Terpsichore for Teens: 'First Position' Follows Rising Ballet Stars
Bess Kargman's first feature documentary, First Position, follows six young ballet dancers and their families as they train, dream and sacrifice to compete in the Youth America Grand Prix for scholarships to the world's top ballet schools. The film's characters (ages 9 to 19) represent highly diverse backgrounds, yet
embody the heartfelt emotion of ballet itself as an expression of the human body's triumph against the odds--especially today, when art programs for children are so severely underfunded.
For the families in the film, there is nothing more important than a child's self-expression despite the social, physical and financial costs--despite being bullied at school, sustaining torn ligaments and wearing homemade tutus. First Position does not show the darker side of the story--of pageant parents, lost childhoods and irreparable physical injuries--but instead chooses to focus on the why of ballet. It asks us to imagine loving something that much.
The film has performed exceptionally well for a first-time feature. It was named the Audience Choice Award First Runner Up for Best Documentary at the 2011 Toronto International Film Festival and won the Jury Prize at the San Francisco Documentary Festival along with the Audience Award at DOCNYC. In May, First Position will receive a theatrical release. Watching the film, you will likely yearn to see more of the children dancing, but perhaps that is the point. There might not be a better promotion for ballet out there today.
Documentary recently sat down with filmmaker Bess Kargman to learn more about the context behind the film, which started in 2009 after she noticed a group of young dancers outside of New York's Skirball Center and was so inspired that she quit her job to focus on First Position.
Documentary: You mentioned in earlier interviews that you wanted to show the "true cost of ballet." Can you tell us more about how you think that theme plays out in
Beth Kargman: One thing I never realized is how creative, artistic and resourceful a lot of dance parents have had to be because of how expensive ballet is. One mother in the film taught herself to design tutus from scratch in order to save $2,000 every time her daughter needed a new costume; this saves her $10,000-$15,000 a year. Some kids put their pointe shoes in the freezer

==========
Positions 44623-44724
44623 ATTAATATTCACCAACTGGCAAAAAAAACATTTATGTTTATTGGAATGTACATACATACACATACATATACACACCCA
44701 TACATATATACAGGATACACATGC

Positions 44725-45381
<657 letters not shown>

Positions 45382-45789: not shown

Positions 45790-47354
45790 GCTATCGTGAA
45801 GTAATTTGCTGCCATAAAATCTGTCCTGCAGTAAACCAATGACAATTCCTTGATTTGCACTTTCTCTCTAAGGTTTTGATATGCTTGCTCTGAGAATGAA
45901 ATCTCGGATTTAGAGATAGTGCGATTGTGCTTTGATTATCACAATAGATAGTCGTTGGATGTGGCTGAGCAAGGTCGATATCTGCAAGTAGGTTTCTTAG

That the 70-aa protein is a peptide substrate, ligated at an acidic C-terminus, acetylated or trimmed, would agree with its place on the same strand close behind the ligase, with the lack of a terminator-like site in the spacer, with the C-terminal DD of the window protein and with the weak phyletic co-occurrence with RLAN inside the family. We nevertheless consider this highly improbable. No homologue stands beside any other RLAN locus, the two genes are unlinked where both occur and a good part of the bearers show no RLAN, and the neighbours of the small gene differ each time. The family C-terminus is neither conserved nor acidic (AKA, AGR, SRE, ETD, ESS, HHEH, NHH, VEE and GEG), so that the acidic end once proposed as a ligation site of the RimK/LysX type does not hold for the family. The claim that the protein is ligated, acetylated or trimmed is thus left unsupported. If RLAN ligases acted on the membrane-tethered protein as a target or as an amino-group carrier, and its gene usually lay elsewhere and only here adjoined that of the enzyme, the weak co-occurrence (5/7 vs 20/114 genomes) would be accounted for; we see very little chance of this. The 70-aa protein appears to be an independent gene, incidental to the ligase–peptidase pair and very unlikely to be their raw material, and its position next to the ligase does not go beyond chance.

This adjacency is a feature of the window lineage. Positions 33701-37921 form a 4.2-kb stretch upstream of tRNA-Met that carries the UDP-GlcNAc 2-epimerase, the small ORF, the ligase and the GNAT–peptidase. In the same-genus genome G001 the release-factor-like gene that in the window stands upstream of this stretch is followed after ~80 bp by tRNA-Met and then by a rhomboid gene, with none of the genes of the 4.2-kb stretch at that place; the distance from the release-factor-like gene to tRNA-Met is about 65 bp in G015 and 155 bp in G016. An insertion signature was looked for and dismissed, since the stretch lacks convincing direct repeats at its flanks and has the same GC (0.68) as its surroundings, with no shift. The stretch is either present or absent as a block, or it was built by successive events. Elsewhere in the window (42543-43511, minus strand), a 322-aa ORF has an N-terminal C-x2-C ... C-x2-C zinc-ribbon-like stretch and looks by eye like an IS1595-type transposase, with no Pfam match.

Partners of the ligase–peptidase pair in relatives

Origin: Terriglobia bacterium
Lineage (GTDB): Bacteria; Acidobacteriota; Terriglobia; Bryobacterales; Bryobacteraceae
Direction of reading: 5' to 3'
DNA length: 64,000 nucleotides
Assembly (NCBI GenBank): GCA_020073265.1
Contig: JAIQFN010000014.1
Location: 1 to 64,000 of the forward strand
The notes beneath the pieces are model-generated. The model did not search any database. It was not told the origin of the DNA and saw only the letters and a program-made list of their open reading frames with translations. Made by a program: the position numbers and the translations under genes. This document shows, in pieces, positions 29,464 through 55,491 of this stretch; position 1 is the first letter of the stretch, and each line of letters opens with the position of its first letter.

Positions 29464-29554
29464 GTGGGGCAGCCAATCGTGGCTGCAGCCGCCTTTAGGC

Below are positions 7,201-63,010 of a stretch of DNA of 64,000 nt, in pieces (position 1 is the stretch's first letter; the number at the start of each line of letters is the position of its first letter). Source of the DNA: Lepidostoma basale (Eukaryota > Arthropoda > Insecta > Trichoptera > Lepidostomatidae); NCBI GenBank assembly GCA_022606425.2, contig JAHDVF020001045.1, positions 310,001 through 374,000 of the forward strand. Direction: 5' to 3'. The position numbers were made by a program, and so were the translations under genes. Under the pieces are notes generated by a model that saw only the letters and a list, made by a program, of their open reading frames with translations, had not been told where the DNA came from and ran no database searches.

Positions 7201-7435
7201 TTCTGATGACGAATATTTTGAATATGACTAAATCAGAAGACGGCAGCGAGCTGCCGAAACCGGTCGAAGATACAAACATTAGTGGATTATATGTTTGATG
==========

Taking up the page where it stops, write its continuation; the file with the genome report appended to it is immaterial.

with the hope that they won't break down as quickly; one pair of pointe shoes costs $80. And dance training is extremely expensive--some ballet boarding schools cost as much as college. That's why for some competitors winning a scholarship can mean the difference between making it as a dancer or relinquishing a dream.
D: What is it about ballet that inspires such dedication and passion despite the costs?
BK: The young dancers in this film have a healthy addiction to this art form. They don't do it for fame, and they definitely don't do it for riches. The joy of performing on stage is what propels them, which is why I think so many parents are willing to spend the money on something that makes their son or daughter truly happy.
D: I know you were a dancer as a child. Did making this film alter your opinion on whether or not young children should pursue professional ballet?
BK: I found the dedication and determination of these kids extremely inspiring. I definitely didn't know what I wanted to be when I "grew up" as a 5-year-old. My advice to people thinking about becoming a professional dancer is that it must be the only thing you want to do, otherwise don't do it. As one of the young dancers says in the film, "You practice so hard for only two minutes on stage...nobody sees all the hard work you put into it." You have to be OK with that to make it as a dancer. Gratification must come from within, from doing the same thing every day and watching yourself improve. Your teachers are there to give you corrections, not shower you with praise. It takes an extreme amount of maturity and confidence to make it as a dancer because you have to be OK with that.